Milk Thistle (Silybum marianum)

Milk Thistle: Medical Uses Milk thistle improves liver function tests and helps to counteract mushroom (Amanita phalloides) poisoning if taken within 24 hours after ingestion of the mushroom. It can also be used for chemical-induced liver damage, cirrhosis, and viral hepatitis. Historical Uses Milk thistle has been used traditionally for liver complaints. Growth A member of the aster family, milk thistle is native to southern and western Europe and some parts of the U.S. Part Used • Fruits, known as achenes () Major Chemical Compounds • Silymarin • Silibinin Milk Thistle: Clinical Uses Milk thistle improves liver function tests and reverses mushroom (Amanita phalloides) poisoning if given within 24 hours after ingestion of the mushroom. It can also be used for chemical-induced liver damage, cirrhosis, and viral hepatitis. Silibinin may be useful in prostate cancer. It is approved by the German Commission E for dyspepsia, liver damage, and liver disease. Mechanism of Action This herb has antioxidant, hepatoprotective, and hepatorestorative properties. It also increases the gluthione content of liver, inhibits leukotrienes, and stimulates protein synthesis. Silibinin, an antioxidant in milk thistle, Read more […]

Botanical Treatment Strategies for Herpes: Immunomodulation and Adaptogenic Support

Andrographis Andrographis, an Asian herb used in the Ayurvedic medicine and traditional Chinese medicine, has been used traditionally as an anti-inflammatory, hepatoprotective, antiviral, antioxidant, and immune-enhancing herbal medicine. In vitro and in vivo studies demonstrate immune enhancing activity and immunomodulating effects including its ability to stimulate both antigen-specific and nonspecific immunity, reduce inflammation, relieve fever and sore throat, and reduce incidence of common cold and upper respiratory infection in children and adults. Andrographalide, a constituent of the herb, has demonstrated anticancer activity. One study demonstrated specific anti-herpes simplex virus activity using isolate diterpenes from the herb. Western herbal medicine uses this herb in combination with other immunomodulating herbs, and in multieffect comprehensive formulae for patients who experience recurrent herpes outbreaks and who also have a tendency toward frequent colds and infections generally, and who also may be run down and depleted. It is excellent combined with adaptogens for overall immune support. Eleuthero Eleuthero is an important traditional medicine in China and Russia, used to stimulate the immune Read more […]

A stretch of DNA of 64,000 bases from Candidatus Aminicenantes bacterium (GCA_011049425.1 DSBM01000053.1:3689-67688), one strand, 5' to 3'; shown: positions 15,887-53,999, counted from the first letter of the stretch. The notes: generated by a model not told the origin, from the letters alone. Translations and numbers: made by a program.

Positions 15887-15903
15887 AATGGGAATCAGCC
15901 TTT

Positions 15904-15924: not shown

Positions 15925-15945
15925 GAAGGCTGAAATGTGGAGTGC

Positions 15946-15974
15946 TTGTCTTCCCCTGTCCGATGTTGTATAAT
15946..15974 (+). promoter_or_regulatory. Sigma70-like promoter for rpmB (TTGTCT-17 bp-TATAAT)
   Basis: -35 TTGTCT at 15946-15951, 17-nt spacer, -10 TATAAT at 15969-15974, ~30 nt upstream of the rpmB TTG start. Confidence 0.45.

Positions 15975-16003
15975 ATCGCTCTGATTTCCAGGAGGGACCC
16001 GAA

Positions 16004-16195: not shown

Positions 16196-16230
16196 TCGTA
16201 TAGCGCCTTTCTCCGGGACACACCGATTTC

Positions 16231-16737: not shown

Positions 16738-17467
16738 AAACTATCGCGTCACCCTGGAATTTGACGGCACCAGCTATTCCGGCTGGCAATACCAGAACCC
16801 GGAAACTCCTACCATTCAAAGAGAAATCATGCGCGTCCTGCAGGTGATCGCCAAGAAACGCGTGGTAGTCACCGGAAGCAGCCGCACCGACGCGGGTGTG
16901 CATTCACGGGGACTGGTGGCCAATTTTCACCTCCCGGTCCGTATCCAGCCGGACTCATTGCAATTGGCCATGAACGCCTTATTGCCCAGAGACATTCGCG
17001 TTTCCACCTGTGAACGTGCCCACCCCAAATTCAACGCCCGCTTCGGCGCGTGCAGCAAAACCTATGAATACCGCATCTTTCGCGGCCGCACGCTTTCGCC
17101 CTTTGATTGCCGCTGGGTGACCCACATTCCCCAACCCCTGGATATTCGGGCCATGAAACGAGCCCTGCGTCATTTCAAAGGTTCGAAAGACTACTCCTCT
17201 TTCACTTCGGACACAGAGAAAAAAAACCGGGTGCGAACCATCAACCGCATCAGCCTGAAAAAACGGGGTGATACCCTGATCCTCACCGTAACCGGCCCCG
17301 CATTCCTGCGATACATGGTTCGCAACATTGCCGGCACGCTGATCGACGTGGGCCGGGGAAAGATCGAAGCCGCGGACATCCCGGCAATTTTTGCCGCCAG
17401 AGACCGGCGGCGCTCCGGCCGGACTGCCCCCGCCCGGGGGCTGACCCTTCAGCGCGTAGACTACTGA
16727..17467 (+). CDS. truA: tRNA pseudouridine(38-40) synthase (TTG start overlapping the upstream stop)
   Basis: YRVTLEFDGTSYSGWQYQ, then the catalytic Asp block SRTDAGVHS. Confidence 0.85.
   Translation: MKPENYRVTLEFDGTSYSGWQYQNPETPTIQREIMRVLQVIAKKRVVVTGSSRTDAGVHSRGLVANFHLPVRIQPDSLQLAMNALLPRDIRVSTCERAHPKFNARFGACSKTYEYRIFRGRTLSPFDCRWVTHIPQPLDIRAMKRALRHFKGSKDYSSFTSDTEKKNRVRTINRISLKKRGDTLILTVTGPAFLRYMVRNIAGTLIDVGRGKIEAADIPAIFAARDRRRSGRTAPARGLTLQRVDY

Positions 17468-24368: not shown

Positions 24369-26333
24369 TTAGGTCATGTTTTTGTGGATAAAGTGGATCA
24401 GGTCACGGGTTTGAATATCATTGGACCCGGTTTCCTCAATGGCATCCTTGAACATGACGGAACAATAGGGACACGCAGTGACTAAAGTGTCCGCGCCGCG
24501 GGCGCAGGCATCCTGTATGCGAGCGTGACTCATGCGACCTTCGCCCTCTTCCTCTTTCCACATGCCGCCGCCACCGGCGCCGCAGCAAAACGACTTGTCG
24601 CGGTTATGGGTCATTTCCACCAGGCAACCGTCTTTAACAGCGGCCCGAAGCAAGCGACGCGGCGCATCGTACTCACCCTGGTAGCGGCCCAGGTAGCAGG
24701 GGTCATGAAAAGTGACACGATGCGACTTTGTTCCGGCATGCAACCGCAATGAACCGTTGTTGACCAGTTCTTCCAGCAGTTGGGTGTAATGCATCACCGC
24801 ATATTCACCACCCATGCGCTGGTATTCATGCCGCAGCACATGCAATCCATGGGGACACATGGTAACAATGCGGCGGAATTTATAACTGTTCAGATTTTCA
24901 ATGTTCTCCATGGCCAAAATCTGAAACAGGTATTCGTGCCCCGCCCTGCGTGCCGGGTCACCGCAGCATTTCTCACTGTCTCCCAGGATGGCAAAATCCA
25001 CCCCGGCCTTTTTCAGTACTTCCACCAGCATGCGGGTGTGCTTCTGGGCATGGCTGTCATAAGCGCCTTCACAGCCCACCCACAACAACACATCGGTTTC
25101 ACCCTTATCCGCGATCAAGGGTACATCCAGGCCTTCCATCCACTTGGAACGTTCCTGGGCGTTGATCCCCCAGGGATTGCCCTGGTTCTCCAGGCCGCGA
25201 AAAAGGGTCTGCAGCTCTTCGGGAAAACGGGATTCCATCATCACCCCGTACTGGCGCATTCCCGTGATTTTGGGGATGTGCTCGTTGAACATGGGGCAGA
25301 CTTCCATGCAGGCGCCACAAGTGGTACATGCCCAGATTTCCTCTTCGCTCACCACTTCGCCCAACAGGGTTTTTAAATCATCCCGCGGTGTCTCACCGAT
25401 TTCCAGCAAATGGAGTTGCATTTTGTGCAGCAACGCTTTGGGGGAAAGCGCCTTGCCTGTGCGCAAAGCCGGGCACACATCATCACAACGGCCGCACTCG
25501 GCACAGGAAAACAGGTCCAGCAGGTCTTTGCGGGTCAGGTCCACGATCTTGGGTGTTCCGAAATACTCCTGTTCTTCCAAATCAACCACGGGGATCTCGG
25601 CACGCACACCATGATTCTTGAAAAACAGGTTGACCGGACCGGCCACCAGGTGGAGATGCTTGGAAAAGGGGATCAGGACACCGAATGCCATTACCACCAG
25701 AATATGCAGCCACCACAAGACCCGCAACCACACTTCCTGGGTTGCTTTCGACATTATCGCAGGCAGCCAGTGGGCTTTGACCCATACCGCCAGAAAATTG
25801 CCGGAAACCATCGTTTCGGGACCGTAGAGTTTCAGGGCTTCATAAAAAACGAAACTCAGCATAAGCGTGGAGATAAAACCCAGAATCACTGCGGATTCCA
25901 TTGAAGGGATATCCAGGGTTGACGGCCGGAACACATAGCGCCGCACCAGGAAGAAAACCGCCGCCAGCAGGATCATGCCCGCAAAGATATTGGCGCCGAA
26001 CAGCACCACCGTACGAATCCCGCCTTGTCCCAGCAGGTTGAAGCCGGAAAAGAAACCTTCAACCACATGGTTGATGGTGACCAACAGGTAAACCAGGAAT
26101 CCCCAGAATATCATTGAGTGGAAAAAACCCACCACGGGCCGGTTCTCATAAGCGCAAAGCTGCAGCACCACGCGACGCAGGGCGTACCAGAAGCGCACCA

Nelumbo nucifera

Nelumbo nucifera Gaertn. (Nymphaeaceae) Sacred Lotus, East Indian Lotus, Oriental Lotus Nelumbo nucifera Gaertn. is an aquatic plant that grows in shallow waters. Leaves are green, round, 30-60 cm across and with long petiole. Flowers are pink, white or red, 10-30 cm and solitary. Fruits are non-edible and non-fleshy. Origin Native to tropical and temperate Asia, Australia and Eastern Europe. Phytoconstituents Nuciferin, nornuciferin, nelumboroside A & B, nelumstemine, dotriacontane, ricinoleic, roemerin, liensinine, neferine, lotusine, liriodenine, asimilobin, pronuciferine and others. Traditional Medicinal Uses The leaves are used to treat sunstroke, diarrhoea, dysentery, fever, dizziness and vomiting of blood. The plant is used as an antidote for mushroom poisoning and for smallpox. In Ayurveda, the plant is used to treat cholera, diarrhoea, worm infestation, vomiting, exhaustion and intermittent fever. The fruits are used in decoction for agitation, fever, heart and haematemesis while the stamens are used to “purify the heart, permeate the kidneys, strengthen virility, to blacken the hair, for haemoptysis and spermatorrhoea”. They are also used to treat premature ejaculation, as astringent for bleeding, Read more […]

Lonicera japonica

Lonicera japonica Thunb. (Caprifoliaceae) Japanese Honeysuckle, Jin Yin Hua Lonicera japonica Thunb. is a climbing shrub having tomen-tose young leaves and stems. Leaves are simple, opposite and exstipulate. Blade is elliptic, 3-8 cm by 2-3 cm, truncate at base, obtuse and chartaceous. Flowers are axillary, white, and turns yellow upon maturity. Fruits are globose and black. Origin A native of East Asia, widely cultivated and naturalised throughout the world. Phytoconstituents Linalool, luteolin, geraniol, aromadendrene, eugenol, loniceroside A, B, C, L-phenylalaninosecologanin, (Z)-aldosecologanin, (E)-aldosecologanin and others. Traditional Medicinal Uses In China, the flowers are used for influenza, boils and carbuncle. In Malaysia, decoctions of dried flowers are used for cooling, flu, fever, headache, and boils. Distilled flowers are used to produce a medicine for treating postprandial stomachaches. Flower tea is prescribed to treat fever, sore throat, mouth sores, headache, conjunctivitis, keratitis, corneal ulcers, breast infections, muscle and joint pain, stomach problems, diarrhoea, and painful urination. They are used in the treatment of arthritis and inflammation. Flower buds are used in infusions Read more […]

Ricinus communis

Ricinus communis L. (Euphorbiaceae) Castor Oil Plant, Castor Bean Ricinus communis L. is an erect herb, growing up to 3.6 m high, having pinkish succulent stem and large alternate palmate leaves that are green or reddish brown. Leaves are lobed, consisting of 6-8 radiating leaflets with serrated edges and prominent central veins. Flowers are green, pink or red and inconspicuous, with no petals. The fruits are capsular, with three lobes, prickly and green, containing three seeds. Origin Native to Africa, naturalised throughout tropics and subtropics. Phytoconstituents Ricin, ricinoleic acid, ricinine, p-coumaric acid, ferulic acid, o-coumaric acids, syringic acid, cinnamic acids, stigmasterol, fucosterol and others. Traditional Medicinal Uses Its leaf poultice is applied to boils and sores in India; to treat headaches and fever in Hawaii. The leaves and roots are used in a decoction for anal prolapse, arthritis, constipation, facial palsy, lymphadenopathy, strabismus, uteral prolapse, cough, and also as a discutient and expectorant. The heated leaves are applied to gout and swellings as well. The leaves and oil are used for dermatological purposes in Nigeria. Its seeds are used to treat abscesses and skin eruptions, Read more […]